Jane Austen wrote her novels in the midst of a large and sociable family. Brothers and sisters, nieces and nephews, friends and acquaintances were always coming and going, which offered numerous occasions for convivial eating and drinking. One of Janeâ€™s dearest friends, Martha Lloyd, lived with the family for many years and recorded in her â€œHousehold Bookâ€ over 100 recipes enjoyed by the Austens. A selection of this family fare, now thoroughly tested and modernized for todayâ€™s cooks, is recreated here, together with some of the more sophisticated dishes which Jane and her characters would have enjoyed at balls, picnics, and supper parties. A fascinating introduction describes Janeâ€™s own interest in food, drawing upon both the novels and her letters, and explains the social conventions of shopping, eating, and entertaining in late Georgian and Regency England. The book is illustrated throughout with delightful contemporary line drawings, prints, and watercolours.
Authentic recipes, modernized for todayâ€™s cooks, include:
â€¢ Buttered Prawns
â€¢ Wine-Roasted Gammon and Pigeon Pie
â€¢ Broilâ€™d Eggs
â€¢ White Soup and Salmagundy
â€¢ Pyramid Creams
â€¢ Marthaâ€™s Almond Cheesecakes
- Paperback: 128 pages
- Publisher: McClelland & Stewart (May 10, 2002)
- Language: English
- ISBN-10: 0771014171
- ISBN-13: 978-0771014178
- Product Dimensions: 7.4 x 0.4 x 9.7 inches
- Shipping Weight: 13.6 ounces
Average Customer Review (25 customer reviews)
Nice little introduction to Jane Austen's food and culture, By A. Woodley 'Patroness, Janeites, the Austen list'
November 11, 2005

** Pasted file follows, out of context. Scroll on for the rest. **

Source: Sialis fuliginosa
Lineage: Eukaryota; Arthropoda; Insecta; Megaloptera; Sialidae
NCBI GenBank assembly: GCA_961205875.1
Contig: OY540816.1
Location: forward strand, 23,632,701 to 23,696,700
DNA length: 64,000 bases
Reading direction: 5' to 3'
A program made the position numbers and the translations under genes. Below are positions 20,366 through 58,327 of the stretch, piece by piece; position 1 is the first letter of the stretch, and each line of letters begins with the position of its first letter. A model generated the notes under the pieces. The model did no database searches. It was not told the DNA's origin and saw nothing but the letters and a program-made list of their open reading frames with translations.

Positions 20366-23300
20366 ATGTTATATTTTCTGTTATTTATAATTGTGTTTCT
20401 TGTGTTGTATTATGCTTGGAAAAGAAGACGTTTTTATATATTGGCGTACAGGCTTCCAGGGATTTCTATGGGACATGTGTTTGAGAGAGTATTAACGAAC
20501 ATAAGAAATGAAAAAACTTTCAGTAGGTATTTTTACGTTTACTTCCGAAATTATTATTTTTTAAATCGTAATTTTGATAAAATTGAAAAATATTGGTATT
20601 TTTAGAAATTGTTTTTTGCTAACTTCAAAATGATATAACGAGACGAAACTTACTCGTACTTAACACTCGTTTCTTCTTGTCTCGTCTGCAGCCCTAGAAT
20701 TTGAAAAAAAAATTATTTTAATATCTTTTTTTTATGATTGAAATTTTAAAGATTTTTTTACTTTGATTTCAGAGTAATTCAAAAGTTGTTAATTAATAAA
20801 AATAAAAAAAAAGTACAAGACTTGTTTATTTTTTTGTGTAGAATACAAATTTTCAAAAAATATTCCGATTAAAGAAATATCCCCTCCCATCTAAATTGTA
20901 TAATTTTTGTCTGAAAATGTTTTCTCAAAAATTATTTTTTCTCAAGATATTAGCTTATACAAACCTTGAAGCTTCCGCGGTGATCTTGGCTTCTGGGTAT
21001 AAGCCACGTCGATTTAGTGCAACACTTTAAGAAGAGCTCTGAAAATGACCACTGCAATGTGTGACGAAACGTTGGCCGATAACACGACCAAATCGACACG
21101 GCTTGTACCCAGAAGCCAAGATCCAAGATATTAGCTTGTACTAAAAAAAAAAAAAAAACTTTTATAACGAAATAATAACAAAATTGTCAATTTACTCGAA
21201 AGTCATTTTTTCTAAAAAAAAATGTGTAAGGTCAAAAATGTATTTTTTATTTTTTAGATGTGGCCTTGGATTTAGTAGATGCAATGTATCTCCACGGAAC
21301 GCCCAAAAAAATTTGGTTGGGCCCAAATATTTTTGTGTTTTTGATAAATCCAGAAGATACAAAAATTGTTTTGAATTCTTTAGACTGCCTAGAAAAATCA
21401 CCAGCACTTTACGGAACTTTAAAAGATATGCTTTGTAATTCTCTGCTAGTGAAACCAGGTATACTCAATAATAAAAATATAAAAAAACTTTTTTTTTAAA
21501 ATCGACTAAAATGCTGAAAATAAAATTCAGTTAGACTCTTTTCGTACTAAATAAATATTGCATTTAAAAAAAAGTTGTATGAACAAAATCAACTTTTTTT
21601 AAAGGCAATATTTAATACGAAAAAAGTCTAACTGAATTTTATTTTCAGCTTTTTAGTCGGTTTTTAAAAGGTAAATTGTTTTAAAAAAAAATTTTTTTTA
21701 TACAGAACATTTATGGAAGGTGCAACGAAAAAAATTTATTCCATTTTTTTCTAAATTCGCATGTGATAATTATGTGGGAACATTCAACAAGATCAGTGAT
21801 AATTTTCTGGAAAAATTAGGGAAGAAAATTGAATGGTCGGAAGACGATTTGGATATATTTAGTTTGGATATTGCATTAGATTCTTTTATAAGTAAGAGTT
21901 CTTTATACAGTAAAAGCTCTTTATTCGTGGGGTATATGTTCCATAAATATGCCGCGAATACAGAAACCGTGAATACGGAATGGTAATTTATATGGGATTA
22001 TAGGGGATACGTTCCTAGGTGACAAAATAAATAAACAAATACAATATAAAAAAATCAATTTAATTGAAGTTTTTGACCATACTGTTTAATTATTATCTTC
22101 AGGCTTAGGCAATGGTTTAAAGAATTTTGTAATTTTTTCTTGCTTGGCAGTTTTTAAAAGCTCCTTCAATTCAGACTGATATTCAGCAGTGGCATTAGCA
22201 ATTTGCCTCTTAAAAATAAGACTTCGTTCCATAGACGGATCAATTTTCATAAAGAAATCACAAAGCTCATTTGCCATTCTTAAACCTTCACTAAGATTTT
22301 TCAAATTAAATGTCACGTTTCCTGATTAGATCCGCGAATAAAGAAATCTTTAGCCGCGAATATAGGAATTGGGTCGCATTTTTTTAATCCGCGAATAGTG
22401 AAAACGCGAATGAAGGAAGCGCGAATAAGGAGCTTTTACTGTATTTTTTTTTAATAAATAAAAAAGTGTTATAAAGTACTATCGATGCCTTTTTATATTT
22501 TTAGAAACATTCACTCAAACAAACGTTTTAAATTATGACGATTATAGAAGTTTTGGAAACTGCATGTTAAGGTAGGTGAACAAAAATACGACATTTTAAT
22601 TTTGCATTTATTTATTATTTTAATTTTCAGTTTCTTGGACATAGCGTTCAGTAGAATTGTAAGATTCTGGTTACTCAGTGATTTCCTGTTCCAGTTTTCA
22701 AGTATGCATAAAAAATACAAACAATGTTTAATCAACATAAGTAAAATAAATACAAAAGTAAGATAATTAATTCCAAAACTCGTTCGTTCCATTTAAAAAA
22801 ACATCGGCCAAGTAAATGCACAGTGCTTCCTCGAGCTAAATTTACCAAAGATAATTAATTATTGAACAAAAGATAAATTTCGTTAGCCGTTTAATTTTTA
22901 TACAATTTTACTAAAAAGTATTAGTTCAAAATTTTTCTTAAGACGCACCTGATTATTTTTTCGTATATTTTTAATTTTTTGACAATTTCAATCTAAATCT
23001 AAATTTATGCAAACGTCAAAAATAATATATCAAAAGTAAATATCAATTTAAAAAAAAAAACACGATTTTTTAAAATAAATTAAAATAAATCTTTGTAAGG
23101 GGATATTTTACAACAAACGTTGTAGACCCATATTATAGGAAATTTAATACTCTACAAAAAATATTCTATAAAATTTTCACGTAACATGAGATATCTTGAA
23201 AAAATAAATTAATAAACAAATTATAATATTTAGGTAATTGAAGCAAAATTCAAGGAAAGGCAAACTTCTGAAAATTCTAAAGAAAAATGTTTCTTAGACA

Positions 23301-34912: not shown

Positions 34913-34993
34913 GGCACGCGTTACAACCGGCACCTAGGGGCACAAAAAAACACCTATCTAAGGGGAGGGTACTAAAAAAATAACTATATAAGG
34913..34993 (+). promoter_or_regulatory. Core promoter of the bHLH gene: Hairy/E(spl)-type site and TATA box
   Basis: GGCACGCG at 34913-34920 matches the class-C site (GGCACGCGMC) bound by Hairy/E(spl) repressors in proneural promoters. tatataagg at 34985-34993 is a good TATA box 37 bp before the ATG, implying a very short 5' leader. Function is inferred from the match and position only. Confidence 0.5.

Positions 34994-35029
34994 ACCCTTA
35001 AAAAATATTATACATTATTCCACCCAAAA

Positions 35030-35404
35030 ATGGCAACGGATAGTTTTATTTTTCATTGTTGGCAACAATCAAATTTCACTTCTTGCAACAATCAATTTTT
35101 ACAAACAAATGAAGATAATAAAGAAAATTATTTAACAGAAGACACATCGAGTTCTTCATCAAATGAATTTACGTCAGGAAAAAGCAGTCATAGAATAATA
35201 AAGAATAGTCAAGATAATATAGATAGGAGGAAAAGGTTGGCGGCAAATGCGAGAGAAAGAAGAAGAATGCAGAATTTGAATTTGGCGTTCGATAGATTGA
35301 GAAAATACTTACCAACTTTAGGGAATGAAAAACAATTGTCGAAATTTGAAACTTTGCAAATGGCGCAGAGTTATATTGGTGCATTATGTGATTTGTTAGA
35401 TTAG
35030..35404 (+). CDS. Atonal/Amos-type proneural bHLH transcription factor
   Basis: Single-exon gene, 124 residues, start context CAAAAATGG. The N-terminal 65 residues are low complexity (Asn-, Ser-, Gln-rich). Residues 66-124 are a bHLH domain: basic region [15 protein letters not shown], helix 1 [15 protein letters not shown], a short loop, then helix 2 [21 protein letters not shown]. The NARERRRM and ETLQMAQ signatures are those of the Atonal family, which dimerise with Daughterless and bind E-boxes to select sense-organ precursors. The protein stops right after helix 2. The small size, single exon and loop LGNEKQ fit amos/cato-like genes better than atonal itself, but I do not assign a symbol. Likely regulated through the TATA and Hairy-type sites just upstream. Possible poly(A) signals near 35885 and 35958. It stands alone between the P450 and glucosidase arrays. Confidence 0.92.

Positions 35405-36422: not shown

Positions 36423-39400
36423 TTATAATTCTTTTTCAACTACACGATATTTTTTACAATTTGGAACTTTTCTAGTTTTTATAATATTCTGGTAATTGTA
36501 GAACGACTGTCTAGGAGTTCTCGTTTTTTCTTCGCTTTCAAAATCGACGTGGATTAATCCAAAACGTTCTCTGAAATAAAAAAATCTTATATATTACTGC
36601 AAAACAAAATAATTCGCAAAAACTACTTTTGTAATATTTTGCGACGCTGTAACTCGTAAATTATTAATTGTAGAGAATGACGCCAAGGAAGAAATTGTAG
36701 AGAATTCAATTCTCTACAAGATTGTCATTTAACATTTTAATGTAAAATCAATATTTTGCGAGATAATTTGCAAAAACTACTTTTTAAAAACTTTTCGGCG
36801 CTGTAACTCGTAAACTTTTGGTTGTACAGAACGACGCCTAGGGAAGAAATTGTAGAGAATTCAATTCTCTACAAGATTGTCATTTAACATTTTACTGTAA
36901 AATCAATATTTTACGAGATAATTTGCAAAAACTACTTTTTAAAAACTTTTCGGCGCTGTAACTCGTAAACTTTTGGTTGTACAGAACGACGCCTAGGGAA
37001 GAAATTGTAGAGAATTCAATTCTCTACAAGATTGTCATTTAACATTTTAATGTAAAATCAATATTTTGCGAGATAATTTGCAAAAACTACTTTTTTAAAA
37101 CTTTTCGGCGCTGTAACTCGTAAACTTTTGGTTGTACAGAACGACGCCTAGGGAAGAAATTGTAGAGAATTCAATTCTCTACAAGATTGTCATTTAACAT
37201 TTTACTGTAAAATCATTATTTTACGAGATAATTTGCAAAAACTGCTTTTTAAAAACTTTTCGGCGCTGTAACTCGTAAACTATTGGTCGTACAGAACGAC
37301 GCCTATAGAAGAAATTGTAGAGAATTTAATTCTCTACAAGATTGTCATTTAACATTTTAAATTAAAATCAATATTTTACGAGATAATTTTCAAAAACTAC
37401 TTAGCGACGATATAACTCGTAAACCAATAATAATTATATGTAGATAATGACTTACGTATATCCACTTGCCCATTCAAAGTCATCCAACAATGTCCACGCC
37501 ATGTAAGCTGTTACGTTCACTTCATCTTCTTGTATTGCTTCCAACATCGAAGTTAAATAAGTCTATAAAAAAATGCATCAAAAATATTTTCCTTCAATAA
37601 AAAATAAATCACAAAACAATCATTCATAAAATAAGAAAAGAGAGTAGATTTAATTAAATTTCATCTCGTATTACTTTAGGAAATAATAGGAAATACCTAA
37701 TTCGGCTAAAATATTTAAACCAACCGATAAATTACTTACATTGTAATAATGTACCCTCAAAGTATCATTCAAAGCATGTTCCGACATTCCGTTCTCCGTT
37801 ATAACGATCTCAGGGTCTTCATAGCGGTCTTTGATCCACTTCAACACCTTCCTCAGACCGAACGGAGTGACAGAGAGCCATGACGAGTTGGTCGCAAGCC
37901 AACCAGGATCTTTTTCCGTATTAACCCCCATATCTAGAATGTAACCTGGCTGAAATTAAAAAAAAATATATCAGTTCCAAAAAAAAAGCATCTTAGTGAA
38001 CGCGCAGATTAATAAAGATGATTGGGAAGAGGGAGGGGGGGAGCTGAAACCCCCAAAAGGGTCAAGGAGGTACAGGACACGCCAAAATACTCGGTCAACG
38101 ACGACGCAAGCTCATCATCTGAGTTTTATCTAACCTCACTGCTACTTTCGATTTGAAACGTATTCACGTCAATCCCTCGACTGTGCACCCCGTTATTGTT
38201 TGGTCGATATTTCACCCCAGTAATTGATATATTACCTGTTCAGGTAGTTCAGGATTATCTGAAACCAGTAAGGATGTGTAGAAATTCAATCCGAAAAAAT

This is a lovely and shortish introduction to cooking and culture of eating and entertaining for the late Georgian period when Austen was alive. I loved the fact that this was about cooking and eating rather than some of the less universally approachable subjects (letters, literary criticism). Maggie Black and Deidre Le Faye have both written Jane Austen style and culture type books before so both understand the period and are able to draw on a large resource of appropriate information.The introduction is very much about how people ate - what was available, how it got to houses, and why this was so. There is some division by class (upper class, middle class and lower class are all discussed) but also the divisions by Geography - whether coastal with access to fresh fish, or inland - how food was transported, and even in terms of access to market towns. Even 5 miles away was almost impossible for those trying to get up a dinner from 'scratch' so to speak if someone was...
A must for Jane Austen fans!, By Linore Burkard 'Inspirational Romance Author'
July 19, 2000
Fun and Entertaining!!, By
October 14, 2005
While this cookbook may not be exactly suited to the demands of every day dinner making, it does serve as a great lesson in early 19th century custom and way of life. The recipes it contains are fun as well as elegant, and many of them are taken right from the pages of EMMA, PRIDE AND PREJUDICE and the rest of the Austen classics. Most of the ingredients are simple and relatively easy to find, and you'll find that making Mrs. Norris' Strawberry Creme Pudding is worth every effort. So, put on some Madrigal music, don a linen frock and your best English country accent and fall into the real world of Austen-- as only food can create it!